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Op-Ed: Which leader are you? That’s an important question

As a business owner – and THE leader of your company – I have a question for you.

Does your leadership style multiply or diminish?

Do you multiply (think amplify) your team’s own leadership skills and talents?

Or are you (intentionally or accidentally) diminishing the team’s own leadership skills and talents?

One of the hallmarks of good leadership is to have a mindset of being a lifelong learner. When we continue to learn and apply, we become a better leader, one that inspires our people to bring the best; develops and hones the team’s skills to predict and delegate. That’s where the lift comes into the business. That’s where you take a business from good to GREAT.

Great leadership multiples and amplifies the capabilities of others.

In the book “Multipliers”, the author Liz Wiseman talks about three types of leaders in organizations:

The Diminisher. Sitting on one end of the leadership spectrum, Diminishers are the type of leader that just sucks the life out of their people. Everything is about them. They have to have their mark on everything. No one else’s idea is as good as their own idea.

Not only are Diminishers exhausting, eventually the squashing of ideas will cause people to shut down or quit because they perceive their value to the organization has diminished.

The Multiplier. In contrast, on the other end of the spectrum stands the Multiplier. This is the kind of leader people will go through walls for. It is not that they are necessarily easy. They challenge. They push. They provide opportunities, jobs and tasks that really stretch out the team’s capabilities. Yet they do it in a nurturing way.

They create a culture where the team grows and knows they can trust them. Multipliers have the team’s back and if something doesn’t go well, they’ll guide the team back on track.

The Accidental Diminisher. This third type of leader that Wiseman discovered and it turns out to be a leadership style that nearly all of us have deployed to one extent or another. The Accidental Diminisher is the well-intended manager or leader whose behaviors are having completely unintended consequences. They are unaware that their “helpful” actions are actually causing their people to shut down rather than step up.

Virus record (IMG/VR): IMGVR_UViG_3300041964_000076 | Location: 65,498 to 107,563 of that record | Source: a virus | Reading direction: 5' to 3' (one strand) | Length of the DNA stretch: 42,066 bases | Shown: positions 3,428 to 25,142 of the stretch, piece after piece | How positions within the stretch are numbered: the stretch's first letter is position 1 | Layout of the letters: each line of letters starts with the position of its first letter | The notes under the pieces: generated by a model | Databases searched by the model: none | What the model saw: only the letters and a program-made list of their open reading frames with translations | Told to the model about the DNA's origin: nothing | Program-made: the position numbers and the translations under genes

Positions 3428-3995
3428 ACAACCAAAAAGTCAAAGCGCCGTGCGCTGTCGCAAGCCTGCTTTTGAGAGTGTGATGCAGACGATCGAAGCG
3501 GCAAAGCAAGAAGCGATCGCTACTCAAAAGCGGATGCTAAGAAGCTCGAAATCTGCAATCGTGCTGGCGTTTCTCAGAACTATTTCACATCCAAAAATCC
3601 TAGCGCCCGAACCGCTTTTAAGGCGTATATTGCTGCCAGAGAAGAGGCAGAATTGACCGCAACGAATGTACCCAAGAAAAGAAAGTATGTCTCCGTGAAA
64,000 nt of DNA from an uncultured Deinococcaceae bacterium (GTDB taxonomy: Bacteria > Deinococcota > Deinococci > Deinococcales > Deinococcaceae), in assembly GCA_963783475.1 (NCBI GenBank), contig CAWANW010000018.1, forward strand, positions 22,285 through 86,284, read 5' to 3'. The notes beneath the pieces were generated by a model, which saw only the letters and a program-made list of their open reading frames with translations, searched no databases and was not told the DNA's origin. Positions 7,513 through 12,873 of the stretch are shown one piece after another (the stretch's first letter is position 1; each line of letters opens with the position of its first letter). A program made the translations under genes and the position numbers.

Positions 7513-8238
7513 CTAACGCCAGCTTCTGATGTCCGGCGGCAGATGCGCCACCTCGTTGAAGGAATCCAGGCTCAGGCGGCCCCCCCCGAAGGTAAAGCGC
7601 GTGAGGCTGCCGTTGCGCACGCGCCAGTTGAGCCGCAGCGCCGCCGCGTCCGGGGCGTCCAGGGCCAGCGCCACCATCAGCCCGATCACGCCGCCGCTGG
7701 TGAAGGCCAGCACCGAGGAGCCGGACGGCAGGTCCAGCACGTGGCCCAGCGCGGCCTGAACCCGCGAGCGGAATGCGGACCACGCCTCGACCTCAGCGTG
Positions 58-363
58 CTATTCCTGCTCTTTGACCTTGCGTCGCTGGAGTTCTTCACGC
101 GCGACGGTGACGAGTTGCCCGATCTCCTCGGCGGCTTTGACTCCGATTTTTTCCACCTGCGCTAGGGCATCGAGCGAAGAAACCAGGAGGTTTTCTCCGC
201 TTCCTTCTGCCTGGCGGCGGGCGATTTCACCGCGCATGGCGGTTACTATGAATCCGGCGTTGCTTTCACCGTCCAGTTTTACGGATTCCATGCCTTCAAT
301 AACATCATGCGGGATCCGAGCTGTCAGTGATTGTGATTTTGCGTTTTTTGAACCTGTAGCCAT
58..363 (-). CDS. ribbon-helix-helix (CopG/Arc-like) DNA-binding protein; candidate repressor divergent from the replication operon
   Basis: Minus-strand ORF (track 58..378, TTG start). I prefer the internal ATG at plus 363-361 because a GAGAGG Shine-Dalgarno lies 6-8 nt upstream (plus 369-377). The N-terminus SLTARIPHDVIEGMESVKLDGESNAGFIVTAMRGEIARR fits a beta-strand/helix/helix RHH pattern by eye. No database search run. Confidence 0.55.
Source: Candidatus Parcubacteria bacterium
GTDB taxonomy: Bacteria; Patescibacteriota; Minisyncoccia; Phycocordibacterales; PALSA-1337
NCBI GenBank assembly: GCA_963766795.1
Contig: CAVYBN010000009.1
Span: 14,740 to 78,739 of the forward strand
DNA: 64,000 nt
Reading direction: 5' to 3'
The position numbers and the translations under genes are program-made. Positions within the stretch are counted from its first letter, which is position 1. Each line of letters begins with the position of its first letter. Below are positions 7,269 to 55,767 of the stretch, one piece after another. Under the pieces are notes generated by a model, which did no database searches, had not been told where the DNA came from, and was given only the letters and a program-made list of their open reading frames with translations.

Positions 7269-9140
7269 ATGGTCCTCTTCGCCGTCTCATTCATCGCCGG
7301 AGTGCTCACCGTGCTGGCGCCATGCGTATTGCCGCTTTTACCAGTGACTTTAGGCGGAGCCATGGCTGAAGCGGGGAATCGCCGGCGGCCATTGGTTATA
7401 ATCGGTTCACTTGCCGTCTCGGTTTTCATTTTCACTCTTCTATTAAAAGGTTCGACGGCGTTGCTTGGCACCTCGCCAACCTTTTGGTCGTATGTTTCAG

Don’t worry, there is room to grow in all of us.

Wiseman also outlines a number of actionable steps that can implement to overcome those behaviors and move from being that Accidental Diminisher to being a Multiplier. And as Wiseman states, “The critical skill isn’t what you know, but it’s your ability to access what your people know.”

During her research, she found that Multipliers get almost two times the capability out of a team that Diminishers got. To look at it another way, Diminishers received only 30% to 50% of the team’s capabilities while Multipliers were getting 80% to 100% from their people.

To put those percentages in perspective, let’s say you have a $1 million payroll. With a team full of Diminishers, at a rate of 30% capability, that’s only $300,000 of value on that million dollar spend! You might as well put the other $700,000 in the fireplace and burn it. That is not chump change. That’s how significant this is in organizations.

So if you are interested in doubling the capability of your people, read “Multipliers” and start putting the insights to work with yourself and other leaders in your organization. This will raise the level of competence with your leaders, and allow the organization to “multiply” and prosper.

Tom Garrity is managing partner at Compass Point Consulting LLC in Hanover Township, Northampton County. He can be reached at tgarrity@compasspt.

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